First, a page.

If the strength of this tissue is destroyed every time a woman gets pregnant she will have a miscarriage and will not be able to carry a pregnancy to term. Since in every abortion the bottom of the womb is forcefully dilated in order to get to the baby inside, there has been concern, and many reports in medical literature, that women who have the bottom part of their wombs stretched during the process of abortion are more likely to have miscarriages when they become pregnant in the future.
For those of you who would like to read some of the articles that talk about this as well as document the increased risk of miscarriage for women who have abortions, I would refer you to the following medical studies:
Finally, some of you may be aware that recently there have been reports that link breast cancer with abortion. Since abortion has been legal for over 20 years, and sometimes it takes 20 to 30 years for a cancer to develop, this link is just starting to surface. More research is needed, especially since so many women have abortions every year coupled with the fact that so many women also die from breast cancer.
The Importance of Making an INFORMED CHOICE
Sometimes people feel that things like informed consent and waiting periods were laws made by people who want to "hassle women" or take away their "reproductive freedom". Nothing could be further from the truth.
I would invite you to read chapters 14, 15, and 18 of a book entitled Public Health and Law by Tom Christoffel. This book will help you understand why these things are necessary to protect the health and rights of American citizens.
We are reminded that in the not-so-distant past American citizens were "tricked" into participating in research experiments being performed by doctors and other people in the health industry. Women were also forced to have tubal ligations that were encouraged by people like Margaret Sanger, the founder of Planned Parenthood, who firmly believed that certain people in our country should not be allowed to have children.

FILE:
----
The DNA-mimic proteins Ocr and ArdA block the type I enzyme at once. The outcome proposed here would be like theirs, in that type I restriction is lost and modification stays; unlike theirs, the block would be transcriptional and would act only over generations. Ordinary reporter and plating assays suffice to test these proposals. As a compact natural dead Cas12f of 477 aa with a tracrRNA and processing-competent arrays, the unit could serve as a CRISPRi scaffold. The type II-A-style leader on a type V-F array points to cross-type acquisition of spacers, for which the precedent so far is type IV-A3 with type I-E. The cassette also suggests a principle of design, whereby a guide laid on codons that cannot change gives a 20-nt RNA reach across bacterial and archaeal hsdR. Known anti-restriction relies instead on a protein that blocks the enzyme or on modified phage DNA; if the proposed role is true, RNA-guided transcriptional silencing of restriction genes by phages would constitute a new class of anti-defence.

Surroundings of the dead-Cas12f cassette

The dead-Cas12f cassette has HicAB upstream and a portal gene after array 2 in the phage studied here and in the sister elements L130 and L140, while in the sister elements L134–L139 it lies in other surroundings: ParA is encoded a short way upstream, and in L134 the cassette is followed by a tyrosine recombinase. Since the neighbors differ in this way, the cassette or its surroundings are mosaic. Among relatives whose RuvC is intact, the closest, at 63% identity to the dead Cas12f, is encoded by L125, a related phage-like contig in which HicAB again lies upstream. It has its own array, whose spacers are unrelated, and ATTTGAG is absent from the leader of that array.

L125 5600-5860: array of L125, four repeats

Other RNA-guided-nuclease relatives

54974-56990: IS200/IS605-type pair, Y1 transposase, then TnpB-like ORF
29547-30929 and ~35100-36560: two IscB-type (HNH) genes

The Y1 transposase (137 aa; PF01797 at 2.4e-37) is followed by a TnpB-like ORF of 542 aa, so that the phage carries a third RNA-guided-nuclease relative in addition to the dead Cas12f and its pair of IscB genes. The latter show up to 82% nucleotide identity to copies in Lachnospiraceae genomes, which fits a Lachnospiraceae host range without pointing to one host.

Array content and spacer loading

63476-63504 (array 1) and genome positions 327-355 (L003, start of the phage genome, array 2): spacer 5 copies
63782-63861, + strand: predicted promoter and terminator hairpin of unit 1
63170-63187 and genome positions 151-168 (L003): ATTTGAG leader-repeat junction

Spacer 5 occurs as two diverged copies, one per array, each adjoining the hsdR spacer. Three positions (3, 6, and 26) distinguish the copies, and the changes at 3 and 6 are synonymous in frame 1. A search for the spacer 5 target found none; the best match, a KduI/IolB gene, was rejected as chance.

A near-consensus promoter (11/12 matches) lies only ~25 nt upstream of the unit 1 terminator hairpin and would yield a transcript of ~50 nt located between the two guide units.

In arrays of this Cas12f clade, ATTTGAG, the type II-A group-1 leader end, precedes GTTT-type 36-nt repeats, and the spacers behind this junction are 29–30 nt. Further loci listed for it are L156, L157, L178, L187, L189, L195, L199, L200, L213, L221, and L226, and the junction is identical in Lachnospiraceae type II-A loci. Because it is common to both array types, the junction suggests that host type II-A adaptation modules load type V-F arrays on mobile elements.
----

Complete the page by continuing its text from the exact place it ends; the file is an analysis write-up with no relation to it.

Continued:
The Tuskegee experiment is a grim reminder that even though doctors and other people connected with the medical profession have been granted a great deal of trust and privilege in our society, there have been times when that trust was betrayed and innocent citizens were caused irreparable harm. (For those of you who do not remember, the Tuskegee experiment was carried out on a group of black men who were known to have syphilis during a period of time when an antibiotic cure was readily available. They were told, however, that they had "bad blood" instead and denied access to medicines so that researchers could observe what would "naturally happen" if they didn't treat their disease.)
Informed consent and waiting periods were not designed to take away anyone's rights, constitutional or otherwise, but to insure that when people do make important medical decisions, they have been told the truth and have been truly informed.
Women, after all, have a right to know.
Dr. Pamela Eleashia Smith is a medical doctor, board certified in the field of Obstetrics and Gynecology (OBGYN). She has public health training and eleven years of clinical experience in a community-based family health care practice. Dr. Smith says, "As a member of Feminists for Life, it is an honor and privilege to share with all of you basic information that will enable you to make a truly informed choice should you, or a loved one, be considering abortion as an option for a pregnancy."E-mail this page to a friend